Bruce Bannon, a former All-American Penn State linebacker, said the revival of the Penn State-Pittsburgh rivalry could draw some big Pennsylvania recruits.
“There’s so many guys from Pennsylvania high schools that choose Pitt or Penn State, so I think it’s wonderful that they’re renewing it,” Bannon said. “Besides being in the Big Ten and competing for the championship, the ability to play against guys you played against in high school... I think it’s a great rivalry and it’s a really good thing.”
In 2016, Penn State will play Pitt for the first time since 2000. The deal between the Nittany Lions and the Panthers has been extended until 2019. The two schools used to have a regular rivalry game before 1993.
Penn State has played Pitt 96 times — more than any other opponent — and holds a 48-42-4 record against the Panthers. Former coach Joe Paterno held a 23-7-1 record against Pitt before the NCAA’s sanctions vacated his wins after 1997.
Coach Bill O’Brien had talked about bringing Pitt back into the mix since he first arrived at Penn State.
“Regional rivalries in college football are special,” the coach said in a press release. “I have been involved in a few as a coach. Penn State versus Pitt is a rivalry rich with history and tradition. We have a great deal of respect for Paul Chryst and the Pitt Panther football program and we are looking forward to competing against them on the gridiron.”
Pitt Athletic Director Steve Pederson said the extension of their agreement is special.
“It would be hard to find a college football fan anywhere who is not excited about this announcement,” he said in a press release.
Bill Cherpak was an offensive guard at Pitt from 1985-1989. As the football coach of Thomas Jefferson High School in Jefferson Hills, Pa., Cherpak’s record is 109-9 since 2004. He’s also won three state championships and four WPIAL championships in that span.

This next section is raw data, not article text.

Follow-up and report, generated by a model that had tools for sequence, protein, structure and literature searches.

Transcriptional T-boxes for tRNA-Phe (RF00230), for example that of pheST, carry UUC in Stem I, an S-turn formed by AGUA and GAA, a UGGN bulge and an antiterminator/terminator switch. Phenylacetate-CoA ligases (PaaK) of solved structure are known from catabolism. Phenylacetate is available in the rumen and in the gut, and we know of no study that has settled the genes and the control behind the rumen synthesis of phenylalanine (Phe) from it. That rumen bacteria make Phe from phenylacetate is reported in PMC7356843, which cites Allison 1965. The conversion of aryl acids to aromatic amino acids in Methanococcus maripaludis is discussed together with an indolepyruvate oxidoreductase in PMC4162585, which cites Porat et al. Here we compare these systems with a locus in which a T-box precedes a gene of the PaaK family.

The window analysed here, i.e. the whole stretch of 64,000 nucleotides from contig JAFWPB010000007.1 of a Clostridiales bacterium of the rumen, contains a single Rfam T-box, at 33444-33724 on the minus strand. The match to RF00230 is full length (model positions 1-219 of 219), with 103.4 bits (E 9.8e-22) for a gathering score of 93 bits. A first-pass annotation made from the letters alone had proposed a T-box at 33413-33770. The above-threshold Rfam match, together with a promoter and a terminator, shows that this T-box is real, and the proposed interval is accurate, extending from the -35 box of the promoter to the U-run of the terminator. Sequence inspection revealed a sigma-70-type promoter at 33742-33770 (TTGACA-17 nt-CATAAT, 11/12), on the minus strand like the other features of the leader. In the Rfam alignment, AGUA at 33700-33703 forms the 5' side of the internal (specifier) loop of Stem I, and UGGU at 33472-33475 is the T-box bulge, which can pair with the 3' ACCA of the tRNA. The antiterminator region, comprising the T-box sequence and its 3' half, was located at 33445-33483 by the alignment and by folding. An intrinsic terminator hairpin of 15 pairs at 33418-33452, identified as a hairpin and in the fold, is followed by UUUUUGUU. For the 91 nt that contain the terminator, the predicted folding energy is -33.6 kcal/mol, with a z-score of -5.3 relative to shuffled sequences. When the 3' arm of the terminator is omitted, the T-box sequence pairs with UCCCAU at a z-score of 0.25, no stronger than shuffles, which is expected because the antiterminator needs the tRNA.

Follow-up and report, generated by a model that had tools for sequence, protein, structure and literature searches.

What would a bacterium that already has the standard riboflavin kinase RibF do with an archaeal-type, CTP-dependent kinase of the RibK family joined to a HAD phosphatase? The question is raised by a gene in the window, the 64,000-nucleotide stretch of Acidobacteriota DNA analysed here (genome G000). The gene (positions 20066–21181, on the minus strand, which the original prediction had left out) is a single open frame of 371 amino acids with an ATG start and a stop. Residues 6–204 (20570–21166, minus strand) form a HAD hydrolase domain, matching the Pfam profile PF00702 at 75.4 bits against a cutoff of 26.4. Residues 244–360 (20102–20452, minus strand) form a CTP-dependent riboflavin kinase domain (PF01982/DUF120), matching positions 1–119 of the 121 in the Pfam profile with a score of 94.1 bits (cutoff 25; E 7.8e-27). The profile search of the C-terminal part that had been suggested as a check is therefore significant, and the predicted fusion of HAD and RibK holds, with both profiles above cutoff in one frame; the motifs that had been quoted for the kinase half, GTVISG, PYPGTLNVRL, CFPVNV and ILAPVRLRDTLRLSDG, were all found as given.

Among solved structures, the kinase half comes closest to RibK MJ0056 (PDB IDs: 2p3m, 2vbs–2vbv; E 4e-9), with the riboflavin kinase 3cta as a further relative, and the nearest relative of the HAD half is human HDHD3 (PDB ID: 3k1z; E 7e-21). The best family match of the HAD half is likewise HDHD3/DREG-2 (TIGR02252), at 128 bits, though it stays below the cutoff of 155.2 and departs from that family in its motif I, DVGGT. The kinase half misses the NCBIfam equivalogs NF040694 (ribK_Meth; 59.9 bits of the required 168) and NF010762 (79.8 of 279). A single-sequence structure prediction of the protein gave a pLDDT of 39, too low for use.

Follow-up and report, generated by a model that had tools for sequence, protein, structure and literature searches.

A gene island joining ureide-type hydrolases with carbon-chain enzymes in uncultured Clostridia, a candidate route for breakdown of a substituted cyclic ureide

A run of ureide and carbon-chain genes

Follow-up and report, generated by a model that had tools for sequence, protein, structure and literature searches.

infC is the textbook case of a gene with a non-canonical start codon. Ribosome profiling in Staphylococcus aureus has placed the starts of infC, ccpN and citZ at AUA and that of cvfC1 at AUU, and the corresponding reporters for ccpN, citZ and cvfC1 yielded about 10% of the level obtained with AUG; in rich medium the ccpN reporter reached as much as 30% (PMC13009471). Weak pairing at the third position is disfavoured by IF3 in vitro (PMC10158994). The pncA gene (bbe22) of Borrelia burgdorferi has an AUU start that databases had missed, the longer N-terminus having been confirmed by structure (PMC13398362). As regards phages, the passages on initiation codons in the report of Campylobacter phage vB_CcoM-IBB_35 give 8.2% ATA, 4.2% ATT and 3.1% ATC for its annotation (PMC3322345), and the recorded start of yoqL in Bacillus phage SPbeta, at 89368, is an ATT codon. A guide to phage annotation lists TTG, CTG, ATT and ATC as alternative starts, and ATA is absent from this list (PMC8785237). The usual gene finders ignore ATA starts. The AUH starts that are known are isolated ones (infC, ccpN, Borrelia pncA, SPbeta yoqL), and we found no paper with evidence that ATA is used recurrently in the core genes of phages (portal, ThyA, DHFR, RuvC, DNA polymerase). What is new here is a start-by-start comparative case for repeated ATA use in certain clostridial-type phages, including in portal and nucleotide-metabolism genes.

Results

Cherpak said Penn State and Pitt have attracted different high school players of late, so it shouldn’t affect their competitive edge on the recruiting front.
He recalls the Pitt game against Penn State as always being “the biggest game of the year.”
“We won two and [Penn State] won two when I was there,” he said.
“Heck of a lot better than playing Youngstown State or one of those programs.”
Bannon, who went to high school in New Jersey, said he didn’t know how serious the rivalry game was until he came to Penn State.
“Maybe not as big as Ohio State and Michigan, but somewhere in that same area,” Bannon said. “I always thought it was kind of fun, friendly. There were people who were really psyched up for it, but I don’t think it was really negative at all.”
Mickey Shuler, Sr., who played tight end for Penn State from 1975-1979, echoed those sentiments. Shuler played in Beaver Stadium when it was nearly half the capacity it is today, so he said he’s looking forward to watching a Penn State home game against Pitt in 2017.
“I think it keeps some interest in the games and it gives people something to talk about,” Shuler said. “I think those kind of games are important.”
Bannon added Paterno had the players take a “pragmatic” approach to the Pitt game each season. Bannon said he and his teammates got psyched, but never too psyched.
Shuler said the in-state rivalry will certainly add some energy to the contest.
“You want to be the best team in that state,” Shuler said. “Temple wasn’t giving us any real trouble during that time.”